Author: Steve Meredith, Manager, Business Finance.
On several occasions throughout the year, I will have a promising opportunity come across my desk, only to fall apart because the timeline for my organization’s economic development loans does not fit with what the client needs. While I can certainly understand the need to be flexible and work with clients, their sellers, and other financial institutions, there are a few aspects of economic development lending that can delay closing on publicly funded loans. This results in a tricky “dance,” in which economic development lenders, their borrowers, sellers, and often private lending institutions must participate to ensure the best interest rates and terms for small business clients.
Economic development lenders generally do not have loan review committee meetings as often as private banks. This means that there will likely be some lag time between when you submit your loan application, and when the loan is presented for review and approval. In the interim, economic development lenders will be reviewing your application, performing underwriting, and asking questions about your business in order to add clarifying information to your loan package for their respective loan review committees.
Even after your loan is reviewed and approved by the appropriate committee(s), your economic development lender may not have in-house counsel on call, meaning that they need to send your loan package out to a third-party law firm to draw up the closing documents. This can take time since the firm drafting the closing documents likely has many other clients to handle.
In addition to drawing up the closing documents, your economic development lender may have additional requirements, such as the assignment of a key person life insurance policy, which will need to be taken care of before closing. Small business owners will want to pay attention to any communication from their economic development lenders following their loan’s approval. Your lender may ask for additional information from you after the loan is approved, but before the closing documents are signed.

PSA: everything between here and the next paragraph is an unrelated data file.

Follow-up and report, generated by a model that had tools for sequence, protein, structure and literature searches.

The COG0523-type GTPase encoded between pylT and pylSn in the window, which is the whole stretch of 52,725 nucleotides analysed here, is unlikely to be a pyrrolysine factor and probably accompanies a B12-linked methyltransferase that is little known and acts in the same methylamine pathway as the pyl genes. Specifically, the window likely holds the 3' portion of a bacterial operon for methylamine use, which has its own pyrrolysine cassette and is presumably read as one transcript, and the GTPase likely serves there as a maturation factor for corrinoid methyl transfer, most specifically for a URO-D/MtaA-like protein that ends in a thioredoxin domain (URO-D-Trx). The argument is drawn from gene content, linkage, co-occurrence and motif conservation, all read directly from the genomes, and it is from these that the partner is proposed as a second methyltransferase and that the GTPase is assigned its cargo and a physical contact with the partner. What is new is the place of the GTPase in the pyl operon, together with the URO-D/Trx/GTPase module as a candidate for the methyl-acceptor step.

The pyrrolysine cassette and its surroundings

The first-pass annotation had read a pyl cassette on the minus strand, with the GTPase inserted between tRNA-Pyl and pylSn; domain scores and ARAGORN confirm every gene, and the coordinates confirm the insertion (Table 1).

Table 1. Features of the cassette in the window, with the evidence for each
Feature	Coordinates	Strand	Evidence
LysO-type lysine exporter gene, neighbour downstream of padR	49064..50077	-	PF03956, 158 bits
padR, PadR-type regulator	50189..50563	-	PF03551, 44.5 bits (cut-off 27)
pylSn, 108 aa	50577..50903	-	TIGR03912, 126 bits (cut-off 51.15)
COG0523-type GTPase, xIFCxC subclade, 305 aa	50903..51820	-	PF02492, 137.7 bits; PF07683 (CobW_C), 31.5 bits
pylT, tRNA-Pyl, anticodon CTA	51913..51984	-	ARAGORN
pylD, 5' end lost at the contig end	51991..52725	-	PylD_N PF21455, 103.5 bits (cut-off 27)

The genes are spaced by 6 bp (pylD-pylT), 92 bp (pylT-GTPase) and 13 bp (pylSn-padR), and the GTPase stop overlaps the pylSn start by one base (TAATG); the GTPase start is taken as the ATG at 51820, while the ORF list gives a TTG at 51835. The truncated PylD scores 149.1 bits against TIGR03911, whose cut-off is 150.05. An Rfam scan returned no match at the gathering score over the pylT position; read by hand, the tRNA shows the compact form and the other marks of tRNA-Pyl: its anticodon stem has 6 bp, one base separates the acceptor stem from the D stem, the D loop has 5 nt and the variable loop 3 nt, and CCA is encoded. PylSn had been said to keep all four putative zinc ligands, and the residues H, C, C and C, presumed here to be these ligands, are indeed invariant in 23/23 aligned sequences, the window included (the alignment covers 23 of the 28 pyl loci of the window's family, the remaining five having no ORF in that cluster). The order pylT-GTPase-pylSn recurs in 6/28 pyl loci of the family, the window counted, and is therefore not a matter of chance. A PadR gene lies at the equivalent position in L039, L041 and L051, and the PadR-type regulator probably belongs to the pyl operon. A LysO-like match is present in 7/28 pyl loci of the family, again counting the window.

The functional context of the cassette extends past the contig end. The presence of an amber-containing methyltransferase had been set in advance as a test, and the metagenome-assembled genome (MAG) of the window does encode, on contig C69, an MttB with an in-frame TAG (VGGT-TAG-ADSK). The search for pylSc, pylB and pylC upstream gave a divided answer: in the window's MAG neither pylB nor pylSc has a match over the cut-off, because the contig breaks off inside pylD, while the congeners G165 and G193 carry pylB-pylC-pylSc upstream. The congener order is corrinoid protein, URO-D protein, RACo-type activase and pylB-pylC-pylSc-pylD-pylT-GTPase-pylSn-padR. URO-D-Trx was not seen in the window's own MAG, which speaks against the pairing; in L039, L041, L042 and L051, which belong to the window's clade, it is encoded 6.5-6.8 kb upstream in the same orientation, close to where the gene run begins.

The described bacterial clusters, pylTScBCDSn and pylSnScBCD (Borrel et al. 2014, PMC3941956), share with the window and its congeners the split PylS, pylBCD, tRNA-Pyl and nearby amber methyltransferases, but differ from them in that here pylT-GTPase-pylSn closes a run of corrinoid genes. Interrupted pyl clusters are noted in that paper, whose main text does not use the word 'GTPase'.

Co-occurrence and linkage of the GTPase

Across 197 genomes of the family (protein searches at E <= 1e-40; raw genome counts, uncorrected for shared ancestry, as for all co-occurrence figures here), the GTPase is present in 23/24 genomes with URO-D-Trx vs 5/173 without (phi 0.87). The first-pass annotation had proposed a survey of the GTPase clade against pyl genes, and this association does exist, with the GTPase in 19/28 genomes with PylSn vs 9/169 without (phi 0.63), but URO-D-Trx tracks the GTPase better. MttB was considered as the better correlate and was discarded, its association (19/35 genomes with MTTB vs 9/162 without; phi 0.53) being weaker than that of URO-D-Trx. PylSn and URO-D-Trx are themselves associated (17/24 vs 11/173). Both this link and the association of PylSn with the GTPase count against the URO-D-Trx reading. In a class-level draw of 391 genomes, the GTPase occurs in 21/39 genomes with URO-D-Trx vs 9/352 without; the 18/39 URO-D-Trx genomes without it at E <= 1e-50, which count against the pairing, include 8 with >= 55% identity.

As I mentioned at the beginning of this article, the issue of buyers’ and sellers’ timelines not matching that of my organization is a common occurrence and fortunately, there is a work-around for those entrepreneurs who may be experiencing exponential growth in a short period. In your initial conversation with your economic development lender, ask if it is possible to partner with a private lender, and for that private lender to “bridge” the economic development lender’s portion of the project proceeds. Chances are that most economic development lenders already have a leveraged private capital requirement, and they will have likely made loans in the past that have featured this type of financing.
When a private lender bridges an economic development lender’s portion of the project proceeds, the borrower receives 100% of the proceeds when they close on the private lender’s loan. Then, whenever the economic development lender completes their loan approval and closure processes, the borrower takes the proceeds from the economic development loan and pays off the bridged portion of proceeds from the private lender. This results in a more desirable two loan structure, featuring a private lender, and an economic development lender that disburses public funds at a low-interest rate.
Economic development lenders exist to offer low-cost financing to small businesses looking to fund startup or expansion costs. At the end of the day, it is in everyone’s best interest to work together and try to close economic development loans following a timeline that both buyers and sellers deem acceptable. That being said, when you are dealing with economic development lenders who provide publicly funded loans, it is important to understand that additional due diligence is often required by the government before the disbursement of taxpayer-backed funds. This additional due diligence is meant to ensure that public funds are used in a manner that is going to strengthen the economic prosperity of a given county or region, which is in the best interest of the small business owner, and their customers.
The Southwestern Pennsylvania Commission provides government-backed financing for small business start-ups and expansion activities. If your business is located in the Southwestern Pennsylvania region, and you’d like to learn more about how you can apply for financing through the Southwestern Pennsylvania Commission, please feel free to reach out to me via email at firstname.lastname@example.org. I’d be happy to help you out!
Visit the SPC Business Assistance page to learn more!